Law in Contemporary Society


In this course, we have encountered a recurring proposition: that we should seek meaningful work in addition to adequate compensation. I have, at times, erroneously equated this proposition with a second: that we have a responsibility to improve social justice. But these propositions are importantly distinct. The first is an observation, and a seemingly uncontroversial one, even though it is one to which not many young lawyers adhere. The second, of course, is a personal conviction.

Re: Proposition One

Meaningful Work: What is it? Who does it? Is it worth pursuing?

“Meaning” is difficult to define. In some contexts, it means what is intended (ex. what is the meaning of this?). In others, it hints at significance (i.e. a meaningful wink implies an understanding between the parties of something underlying the wink). This usage is most similar to how we are using the term in class, where we seem to be defining meaning as “the end, purpose, or significance.” Pursuing meaningful work seems to mean pursuing work for which there is an end outside of remuneration.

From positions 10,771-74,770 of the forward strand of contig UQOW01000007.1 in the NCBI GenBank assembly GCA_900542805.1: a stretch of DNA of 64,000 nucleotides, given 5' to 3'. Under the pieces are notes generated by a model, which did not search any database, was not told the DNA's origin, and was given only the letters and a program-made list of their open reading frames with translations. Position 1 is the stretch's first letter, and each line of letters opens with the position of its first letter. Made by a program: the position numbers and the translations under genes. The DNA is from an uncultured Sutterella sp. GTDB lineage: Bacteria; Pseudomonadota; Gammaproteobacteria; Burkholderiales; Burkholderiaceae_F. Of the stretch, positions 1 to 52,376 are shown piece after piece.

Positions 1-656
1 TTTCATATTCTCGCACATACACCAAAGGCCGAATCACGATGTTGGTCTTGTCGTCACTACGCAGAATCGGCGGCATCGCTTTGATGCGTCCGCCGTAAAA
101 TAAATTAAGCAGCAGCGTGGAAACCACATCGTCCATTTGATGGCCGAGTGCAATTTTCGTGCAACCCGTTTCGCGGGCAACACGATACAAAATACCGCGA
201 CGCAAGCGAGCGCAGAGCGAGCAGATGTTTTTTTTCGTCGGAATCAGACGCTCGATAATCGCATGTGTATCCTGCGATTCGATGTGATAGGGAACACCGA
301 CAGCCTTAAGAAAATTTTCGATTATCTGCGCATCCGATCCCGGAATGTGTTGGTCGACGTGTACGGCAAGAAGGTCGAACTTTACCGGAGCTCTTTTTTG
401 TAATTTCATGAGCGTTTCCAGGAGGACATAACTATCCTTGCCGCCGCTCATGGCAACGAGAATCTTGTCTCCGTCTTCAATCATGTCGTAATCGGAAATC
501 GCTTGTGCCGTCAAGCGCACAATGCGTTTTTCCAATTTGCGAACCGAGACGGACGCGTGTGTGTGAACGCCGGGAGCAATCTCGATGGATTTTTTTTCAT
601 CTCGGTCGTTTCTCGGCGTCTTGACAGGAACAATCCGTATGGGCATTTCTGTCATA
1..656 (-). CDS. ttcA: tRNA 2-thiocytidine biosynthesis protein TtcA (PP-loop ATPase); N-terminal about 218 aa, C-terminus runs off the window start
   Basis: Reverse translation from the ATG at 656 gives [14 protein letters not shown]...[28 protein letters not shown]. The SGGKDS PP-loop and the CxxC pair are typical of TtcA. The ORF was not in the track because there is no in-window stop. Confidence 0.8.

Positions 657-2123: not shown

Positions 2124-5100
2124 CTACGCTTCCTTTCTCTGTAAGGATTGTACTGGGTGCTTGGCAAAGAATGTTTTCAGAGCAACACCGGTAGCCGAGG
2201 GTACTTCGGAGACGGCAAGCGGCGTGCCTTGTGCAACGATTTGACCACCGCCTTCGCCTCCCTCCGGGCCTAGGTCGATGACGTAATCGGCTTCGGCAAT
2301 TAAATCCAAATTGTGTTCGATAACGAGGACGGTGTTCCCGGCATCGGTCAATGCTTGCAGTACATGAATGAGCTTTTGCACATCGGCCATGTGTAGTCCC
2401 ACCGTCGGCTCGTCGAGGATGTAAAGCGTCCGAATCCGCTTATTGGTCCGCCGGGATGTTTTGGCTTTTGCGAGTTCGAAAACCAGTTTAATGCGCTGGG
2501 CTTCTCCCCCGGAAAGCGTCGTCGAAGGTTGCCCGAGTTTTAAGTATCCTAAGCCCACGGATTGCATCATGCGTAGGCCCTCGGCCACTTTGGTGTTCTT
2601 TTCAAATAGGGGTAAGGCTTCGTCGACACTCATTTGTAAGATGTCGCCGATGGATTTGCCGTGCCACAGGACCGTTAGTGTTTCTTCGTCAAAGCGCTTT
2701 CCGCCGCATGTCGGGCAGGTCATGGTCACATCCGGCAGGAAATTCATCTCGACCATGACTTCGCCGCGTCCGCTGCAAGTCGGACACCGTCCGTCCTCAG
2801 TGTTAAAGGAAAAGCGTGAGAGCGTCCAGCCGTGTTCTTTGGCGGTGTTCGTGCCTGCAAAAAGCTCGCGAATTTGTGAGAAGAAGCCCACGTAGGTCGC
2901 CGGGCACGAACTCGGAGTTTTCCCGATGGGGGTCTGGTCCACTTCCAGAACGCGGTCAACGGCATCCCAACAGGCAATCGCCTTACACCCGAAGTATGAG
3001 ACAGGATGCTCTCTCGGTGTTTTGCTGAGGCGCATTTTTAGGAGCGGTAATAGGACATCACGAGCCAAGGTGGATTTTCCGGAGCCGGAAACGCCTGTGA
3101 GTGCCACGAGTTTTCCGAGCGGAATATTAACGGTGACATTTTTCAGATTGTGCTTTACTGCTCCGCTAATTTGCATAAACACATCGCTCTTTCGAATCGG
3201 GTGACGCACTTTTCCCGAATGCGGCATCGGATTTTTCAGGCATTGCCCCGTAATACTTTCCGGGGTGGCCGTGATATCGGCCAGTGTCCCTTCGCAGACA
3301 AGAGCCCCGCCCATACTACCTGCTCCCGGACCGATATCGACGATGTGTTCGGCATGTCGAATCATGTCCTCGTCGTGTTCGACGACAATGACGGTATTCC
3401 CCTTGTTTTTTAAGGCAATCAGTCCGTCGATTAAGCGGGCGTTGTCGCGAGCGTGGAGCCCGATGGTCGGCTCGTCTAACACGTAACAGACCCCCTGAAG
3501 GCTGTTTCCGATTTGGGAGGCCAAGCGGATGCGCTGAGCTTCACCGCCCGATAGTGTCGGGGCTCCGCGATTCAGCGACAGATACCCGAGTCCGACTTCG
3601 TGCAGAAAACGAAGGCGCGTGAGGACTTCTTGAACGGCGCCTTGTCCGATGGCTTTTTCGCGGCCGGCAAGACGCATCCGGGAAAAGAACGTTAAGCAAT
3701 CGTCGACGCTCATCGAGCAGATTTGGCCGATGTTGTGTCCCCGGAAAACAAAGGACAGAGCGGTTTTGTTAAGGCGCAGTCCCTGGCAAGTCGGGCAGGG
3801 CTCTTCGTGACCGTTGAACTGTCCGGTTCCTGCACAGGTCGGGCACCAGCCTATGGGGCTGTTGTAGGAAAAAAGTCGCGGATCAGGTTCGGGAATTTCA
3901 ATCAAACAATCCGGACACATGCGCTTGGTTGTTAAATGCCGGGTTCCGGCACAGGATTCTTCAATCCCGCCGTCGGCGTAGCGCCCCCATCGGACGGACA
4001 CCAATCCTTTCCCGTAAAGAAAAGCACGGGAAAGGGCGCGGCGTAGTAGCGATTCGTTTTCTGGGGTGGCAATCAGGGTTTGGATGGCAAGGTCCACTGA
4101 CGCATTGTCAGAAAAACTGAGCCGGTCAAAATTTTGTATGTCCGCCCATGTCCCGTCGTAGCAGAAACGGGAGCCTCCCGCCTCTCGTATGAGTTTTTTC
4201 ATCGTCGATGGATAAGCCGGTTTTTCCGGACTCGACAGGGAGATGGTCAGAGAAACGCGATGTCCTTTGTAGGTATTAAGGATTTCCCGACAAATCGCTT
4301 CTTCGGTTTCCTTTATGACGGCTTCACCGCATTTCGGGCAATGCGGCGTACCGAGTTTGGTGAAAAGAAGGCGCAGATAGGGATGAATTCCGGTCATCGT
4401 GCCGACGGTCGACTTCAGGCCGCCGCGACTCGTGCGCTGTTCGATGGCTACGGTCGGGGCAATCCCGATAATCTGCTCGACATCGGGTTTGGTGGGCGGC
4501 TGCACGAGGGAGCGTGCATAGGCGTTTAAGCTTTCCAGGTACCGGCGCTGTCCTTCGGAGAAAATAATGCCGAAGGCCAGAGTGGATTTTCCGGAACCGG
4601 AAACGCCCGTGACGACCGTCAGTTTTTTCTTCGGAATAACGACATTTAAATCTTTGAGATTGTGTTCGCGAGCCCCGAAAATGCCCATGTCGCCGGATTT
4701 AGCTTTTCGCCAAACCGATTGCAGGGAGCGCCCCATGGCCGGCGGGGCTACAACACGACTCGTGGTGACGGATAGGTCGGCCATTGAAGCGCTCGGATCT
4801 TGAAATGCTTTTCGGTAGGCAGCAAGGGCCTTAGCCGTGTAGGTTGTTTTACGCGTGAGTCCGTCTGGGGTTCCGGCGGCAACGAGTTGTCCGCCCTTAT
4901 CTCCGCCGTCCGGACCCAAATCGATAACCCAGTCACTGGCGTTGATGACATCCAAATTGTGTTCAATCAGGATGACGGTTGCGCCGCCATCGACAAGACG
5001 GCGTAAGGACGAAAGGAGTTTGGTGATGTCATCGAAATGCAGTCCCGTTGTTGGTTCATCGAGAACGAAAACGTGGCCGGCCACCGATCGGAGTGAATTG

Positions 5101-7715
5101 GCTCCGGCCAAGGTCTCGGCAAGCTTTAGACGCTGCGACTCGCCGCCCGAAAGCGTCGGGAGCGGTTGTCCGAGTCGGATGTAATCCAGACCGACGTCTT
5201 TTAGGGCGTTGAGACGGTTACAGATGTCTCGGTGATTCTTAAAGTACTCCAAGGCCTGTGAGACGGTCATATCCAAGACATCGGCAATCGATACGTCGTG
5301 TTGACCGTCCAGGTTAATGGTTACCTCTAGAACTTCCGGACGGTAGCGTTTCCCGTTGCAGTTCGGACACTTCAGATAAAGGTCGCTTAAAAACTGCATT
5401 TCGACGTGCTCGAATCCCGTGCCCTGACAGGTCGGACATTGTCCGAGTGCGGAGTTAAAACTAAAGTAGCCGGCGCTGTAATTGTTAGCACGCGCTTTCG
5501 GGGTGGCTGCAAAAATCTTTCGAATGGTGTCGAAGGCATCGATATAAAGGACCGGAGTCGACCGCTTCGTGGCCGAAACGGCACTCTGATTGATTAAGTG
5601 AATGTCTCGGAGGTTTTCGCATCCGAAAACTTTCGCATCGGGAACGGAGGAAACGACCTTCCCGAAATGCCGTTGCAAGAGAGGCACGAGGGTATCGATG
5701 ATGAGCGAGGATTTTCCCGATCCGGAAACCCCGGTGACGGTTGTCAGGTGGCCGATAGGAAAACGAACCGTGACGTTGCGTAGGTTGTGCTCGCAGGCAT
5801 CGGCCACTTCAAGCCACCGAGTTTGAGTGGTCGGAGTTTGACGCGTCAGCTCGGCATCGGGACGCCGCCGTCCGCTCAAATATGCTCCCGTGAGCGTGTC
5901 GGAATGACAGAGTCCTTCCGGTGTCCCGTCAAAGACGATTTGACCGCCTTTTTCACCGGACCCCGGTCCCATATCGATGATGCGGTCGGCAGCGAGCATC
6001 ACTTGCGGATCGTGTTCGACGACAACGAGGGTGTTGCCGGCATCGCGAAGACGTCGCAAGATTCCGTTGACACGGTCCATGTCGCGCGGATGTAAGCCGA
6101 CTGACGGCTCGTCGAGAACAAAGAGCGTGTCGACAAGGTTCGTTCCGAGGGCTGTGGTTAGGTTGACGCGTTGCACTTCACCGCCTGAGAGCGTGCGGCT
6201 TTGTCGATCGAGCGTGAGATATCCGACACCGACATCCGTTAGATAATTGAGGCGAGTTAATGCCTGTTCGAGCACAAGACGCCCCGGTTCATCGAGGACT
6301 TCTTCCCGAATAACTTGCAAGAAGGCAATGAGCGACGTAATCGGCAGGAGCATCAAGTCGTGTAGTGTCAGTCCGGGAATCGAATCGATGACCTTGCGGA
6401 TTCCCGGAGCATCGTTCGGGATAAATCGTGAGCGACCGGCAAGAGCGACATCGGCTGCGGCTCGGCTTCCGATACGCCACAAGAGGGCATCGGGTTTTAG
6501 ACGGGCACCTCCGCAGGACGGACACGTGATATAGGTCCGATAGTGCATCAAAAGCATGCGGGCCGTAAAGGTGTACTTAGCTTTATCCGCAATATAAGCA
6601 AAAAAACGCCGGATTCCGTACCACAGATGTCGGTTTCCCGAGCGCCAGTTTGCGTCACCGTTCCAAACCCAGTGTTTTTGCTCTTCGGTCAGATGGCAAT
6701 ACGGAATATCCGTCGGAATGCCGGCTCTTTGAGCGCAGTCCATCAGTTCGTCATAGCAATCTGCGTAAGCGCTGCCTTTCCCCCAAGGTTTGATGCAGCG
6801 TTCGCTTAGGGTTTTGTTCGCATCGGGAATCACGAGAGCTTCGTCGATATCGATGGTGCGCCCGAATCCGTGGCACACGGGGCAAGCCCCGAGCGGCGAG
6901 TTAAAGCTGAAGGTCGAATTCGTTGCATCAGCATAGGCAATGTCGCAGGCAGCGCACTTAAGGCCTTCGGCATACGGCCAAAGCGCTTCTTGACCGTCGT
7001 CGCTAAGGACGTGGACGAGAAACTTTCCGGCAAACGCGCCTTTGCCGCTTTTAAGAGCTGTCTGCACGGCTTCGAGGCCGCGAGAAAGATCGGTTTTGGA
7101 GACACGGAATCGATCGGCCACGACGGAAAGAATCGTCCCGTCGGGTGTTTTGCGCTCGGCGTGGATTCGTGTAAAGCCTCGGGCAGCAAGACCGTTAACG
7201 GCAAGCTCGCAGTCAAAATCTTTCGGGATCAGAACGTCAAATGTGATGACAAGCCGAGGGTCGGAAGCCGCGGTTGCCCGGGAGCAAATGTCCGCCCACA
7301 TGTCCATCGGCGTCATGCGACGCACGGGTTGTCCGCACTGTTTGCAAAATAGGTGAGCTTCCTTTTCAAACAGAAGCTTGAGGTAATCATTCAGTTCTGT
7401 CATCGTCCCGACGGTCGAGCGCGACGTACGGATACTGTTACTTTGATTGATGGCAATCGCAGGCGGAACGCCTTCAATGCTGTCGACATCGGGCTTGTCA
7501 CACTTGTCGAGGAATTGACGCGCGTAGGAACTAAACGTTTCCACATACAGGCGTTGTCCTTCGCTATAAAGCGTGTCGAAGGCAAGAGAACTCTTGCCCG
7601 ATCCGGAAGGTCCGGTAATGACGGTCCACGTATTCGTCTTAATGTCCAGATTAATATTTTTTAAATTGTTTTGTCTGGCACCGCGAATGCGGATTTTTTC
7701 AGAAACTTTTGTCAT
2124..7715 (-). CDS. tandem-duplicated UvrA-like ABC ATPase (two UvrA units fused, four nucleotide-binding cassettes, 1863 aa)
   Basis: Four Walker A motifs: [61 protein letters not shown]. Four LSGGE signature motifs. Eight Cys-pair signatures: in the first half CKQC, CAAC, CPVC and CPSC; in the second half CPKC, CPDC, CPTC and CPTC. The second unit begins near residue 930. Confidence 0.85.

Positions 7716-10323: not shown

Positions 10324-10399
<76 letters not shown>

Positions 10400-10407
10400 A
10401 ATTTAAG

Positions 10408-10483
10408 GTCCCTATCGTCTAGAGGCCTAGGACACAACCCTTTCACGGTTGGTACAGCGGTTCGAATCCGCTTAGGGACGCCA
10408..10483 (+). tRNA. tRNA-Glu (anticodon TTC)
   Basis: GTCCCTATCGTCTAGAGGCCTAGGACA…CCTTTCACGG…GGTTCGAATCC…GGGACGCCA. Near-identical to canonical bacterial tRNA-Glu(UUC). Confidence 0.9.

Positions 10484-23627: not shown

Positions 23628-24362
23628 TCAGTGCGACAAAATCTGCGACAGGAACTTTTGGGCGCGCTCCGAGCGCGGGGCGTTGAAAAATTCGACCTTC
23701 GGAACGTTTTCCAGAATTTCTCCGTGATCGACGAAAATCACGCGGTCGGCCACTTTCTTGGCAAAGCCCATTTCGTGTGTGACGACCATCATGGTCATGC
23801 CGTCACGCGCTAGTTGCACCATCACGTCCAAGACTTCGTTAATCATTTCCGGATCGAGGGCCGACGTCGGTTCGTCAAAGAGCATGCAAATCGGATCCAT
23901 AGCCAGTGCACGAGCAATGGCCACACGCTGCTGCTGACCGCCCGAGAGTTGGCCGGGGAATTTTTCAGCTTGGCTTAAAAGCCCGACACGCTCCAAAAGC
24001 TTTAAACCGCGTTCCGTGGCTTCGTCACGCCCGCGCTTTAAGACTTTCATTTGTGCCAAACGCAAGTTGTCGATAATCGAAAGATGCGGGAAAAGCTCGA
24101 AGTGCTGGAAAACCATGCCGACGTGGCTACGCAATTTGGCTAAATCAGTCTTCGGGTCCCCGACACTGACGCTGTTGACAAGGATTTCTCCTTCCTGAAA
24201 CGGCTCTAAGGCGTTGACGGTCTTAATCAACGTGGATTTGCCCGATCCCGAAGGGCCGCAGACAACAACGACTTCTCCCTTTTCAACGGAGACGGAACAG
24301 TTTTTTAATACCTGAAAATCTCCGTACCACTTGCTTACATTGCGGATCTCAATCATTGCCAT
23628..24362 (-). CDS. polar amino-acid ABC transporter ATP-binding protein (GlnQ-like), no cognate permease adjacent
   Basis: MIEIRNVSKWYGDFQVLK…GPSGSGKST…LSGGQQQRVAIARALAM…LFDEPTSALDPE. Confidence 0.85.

Our mothers always told us, “Do what you love.” And we said, of course, of course, we would. But now we find ourselves here at CLS, on the cusp of interviewing for jobs which we are fairly certain we will not love, and on the cusp of undertaking work for which we could not care less.

In response to this tension, we admirably have been discussing, and figuring out ways, to do meaningful work. The thought is, if we make a thing that has value, people will pay us for it. We thus should pursue a line of work that is meaningful to us and within that framework produce value; adequate compensation will follow.

Many big firms have the formula backwards. They pursue money first, then profess to inject meaning into their firm’s work through pro-bono activities. But this somehow feels false; indeed the transparency of the arrangement was aptly described in class: pro-bono is like a piano in a whorehouse.